US immigration agents double number of workplace raids, spreading fear and tearing families apart

Two months ago, as workers in a slaughterhouse in Eastern Tennessee went about their daily work breaking down carcasses and preparing meat for shipment, a swarm of federal agents surrounded the compound in what would become the largest workplace immigration raid the United States has seen in a decade.

With a helicopter droning overhead, agents from the IRS, Immigration and Customs Enforcement (ICE), and the Tennessee Highway Patrol blocked the roads leading to the slaughterhouse before arresting 97 undocumented workers, pulling breadwinners from their families and sending shockwaves through the quiet, rural community.

Since President Donald Trump took office, ICE has put a renewed premium on workplace raids, and recently announced that it had “already” doubled the number of raids between October and May over the year before – a step towards its pronounced aim at quadrupling the rate practised by the previous administration.While the president and immigration officials praise these developments, residents in the communities impacted by these raids are largely left to pick up the pieces on their own afterward. They try to help those who have lost husbands and fathers to make ends meet without an important source of income, while rushing to maintain the social fabric in smaller communities suddenly engulfed in fear and concern as the effects of lost workers ripples through the economy.“One day you have your family. You’re just worried about how work is going to go. Then, all of a sudden, everything is gone and you don’t know what’s going to happen,” Yahel Salazar, 27, told The Independent. Her husband – 33-year-old Cristino Ramirez Santana, a Mexican national who came to the US about 16 years ago – was arrested in the Bean Station slaughterhouse raid in Tennessee alongside five in-laws. Ms Salazar is also from Mexico, and is a recipient of the Deferred Action for Childhood Arrivals programme, which Mr Trump has attempted to dismantle.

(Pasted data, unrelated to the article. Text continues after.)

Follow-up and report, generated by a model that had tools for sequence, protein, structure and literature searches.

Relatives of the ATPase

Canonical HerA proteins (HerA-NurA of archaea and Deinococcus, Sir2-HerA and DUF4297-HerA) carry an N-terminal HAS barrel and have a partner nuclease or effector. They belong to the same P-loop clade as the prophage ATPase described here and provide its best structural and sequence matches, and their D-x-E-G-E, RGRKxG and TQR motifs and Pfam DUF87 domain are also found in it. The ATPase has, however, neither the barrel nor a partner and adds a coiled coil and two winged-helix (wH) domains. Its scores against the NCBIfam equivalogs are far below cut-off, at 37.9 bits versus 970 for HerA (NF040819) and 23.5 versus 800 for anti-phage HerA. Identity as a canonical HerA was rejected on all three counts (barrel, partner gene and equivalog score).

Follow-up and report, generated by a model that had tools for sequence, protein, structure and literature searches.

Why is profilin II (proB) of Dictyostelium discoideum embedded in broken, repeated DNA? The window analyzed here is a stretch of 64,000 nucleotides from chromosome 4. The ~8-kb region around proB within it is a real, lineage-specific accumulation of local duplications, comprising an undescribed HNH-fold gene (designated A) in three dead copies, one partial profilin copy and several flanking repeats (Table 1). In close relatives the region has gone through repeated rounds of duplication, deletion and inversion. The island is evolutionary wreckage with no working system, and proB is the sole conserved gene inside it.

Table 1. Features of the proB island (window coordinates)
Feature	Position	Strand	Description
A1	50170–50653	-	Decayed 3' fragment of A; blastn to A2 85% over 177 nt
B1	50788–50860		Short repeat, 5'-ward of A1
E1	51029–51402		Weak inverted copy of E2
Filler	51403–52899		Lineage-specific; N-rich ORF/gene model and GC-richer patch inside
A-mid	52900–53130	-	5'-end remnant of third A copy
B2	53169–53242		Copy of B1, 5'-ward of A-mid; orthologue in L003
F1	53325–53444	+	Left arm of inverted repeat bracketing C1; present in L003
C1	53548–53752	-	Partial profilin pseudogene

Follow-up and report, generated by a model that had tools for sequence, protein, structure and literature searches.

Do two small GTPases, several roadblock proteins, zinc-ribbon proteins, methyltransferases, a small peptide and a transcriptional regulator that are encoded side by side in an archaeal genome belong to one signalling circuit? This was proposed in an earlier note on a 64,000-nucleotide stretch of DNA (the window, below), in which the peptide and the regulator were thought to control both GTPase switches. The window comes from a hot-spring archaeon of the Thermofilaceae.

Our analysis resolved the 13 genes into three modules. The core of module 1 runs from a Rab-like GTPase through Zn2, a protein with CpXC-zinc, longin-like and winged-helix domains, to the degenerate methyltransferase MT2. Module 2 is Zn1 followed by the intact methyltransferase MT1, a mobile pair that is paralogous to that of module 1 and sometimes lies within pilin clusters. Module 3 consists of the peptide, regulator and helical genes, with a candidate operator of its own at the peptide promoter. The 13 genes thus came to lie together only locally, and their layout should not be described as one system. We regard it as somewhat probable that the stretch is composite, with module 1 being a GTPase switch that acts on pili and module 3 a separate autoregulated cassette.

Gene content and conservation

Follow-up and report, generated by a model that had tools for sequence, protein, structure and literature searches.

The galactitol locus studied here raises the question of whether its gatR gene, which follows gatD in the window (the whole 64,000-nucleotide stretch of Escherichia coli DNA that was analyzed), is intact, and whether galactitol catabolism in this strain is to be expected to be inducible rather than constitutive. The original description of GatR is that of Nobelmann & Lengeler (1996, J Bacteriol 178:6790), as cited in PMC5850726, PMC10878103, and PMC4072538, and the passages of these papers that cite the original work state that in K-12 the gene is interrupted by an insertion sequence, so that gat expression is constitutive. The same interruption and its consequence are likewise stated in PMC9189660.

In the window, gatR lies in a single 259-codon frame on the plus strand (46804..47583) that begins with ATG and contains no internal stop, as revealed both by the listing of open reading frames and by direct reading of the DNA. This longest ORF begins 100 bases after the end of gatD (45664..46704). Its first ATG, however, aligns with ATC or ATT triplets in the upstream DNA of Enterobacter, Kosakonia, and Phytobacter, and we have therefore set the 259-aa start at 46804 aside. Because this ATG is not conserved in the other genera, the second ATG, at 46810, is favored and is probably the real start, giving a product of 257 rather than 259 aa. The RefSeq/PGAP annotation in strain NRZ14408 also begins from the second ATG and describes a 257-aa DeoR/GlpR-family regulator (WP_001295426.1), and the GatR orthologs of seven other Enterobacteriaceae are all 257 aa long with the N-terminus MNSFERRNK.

Since the raid on 5 April, Ms Salazar has had to cut back on her hours at a packing plant where she works to care for her two children, even though she needs the money now more than ever with her husband detained in a facility in Louisiana.

“I’ve been missing work. I still have to take the kids to the doctor. My little one, who has been sick, has been two times already [since my husband’s arrest],” Ms Salazar said of her one-year-old boy, who she says has a virus.

She has one other son, a six-year-old, and previously cared for two girls her husband had with his previous wife, though his ex-wife has taken over their care, and has recently indicated that she may not be able to provide for them in the long term. That raises the prospect that those girls, aged 10 and 12, may end up in state custody, even though Ms Salazar says she would gladly take care of them, even though she is uncertain how she could care for two more kids.

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Clark Mindock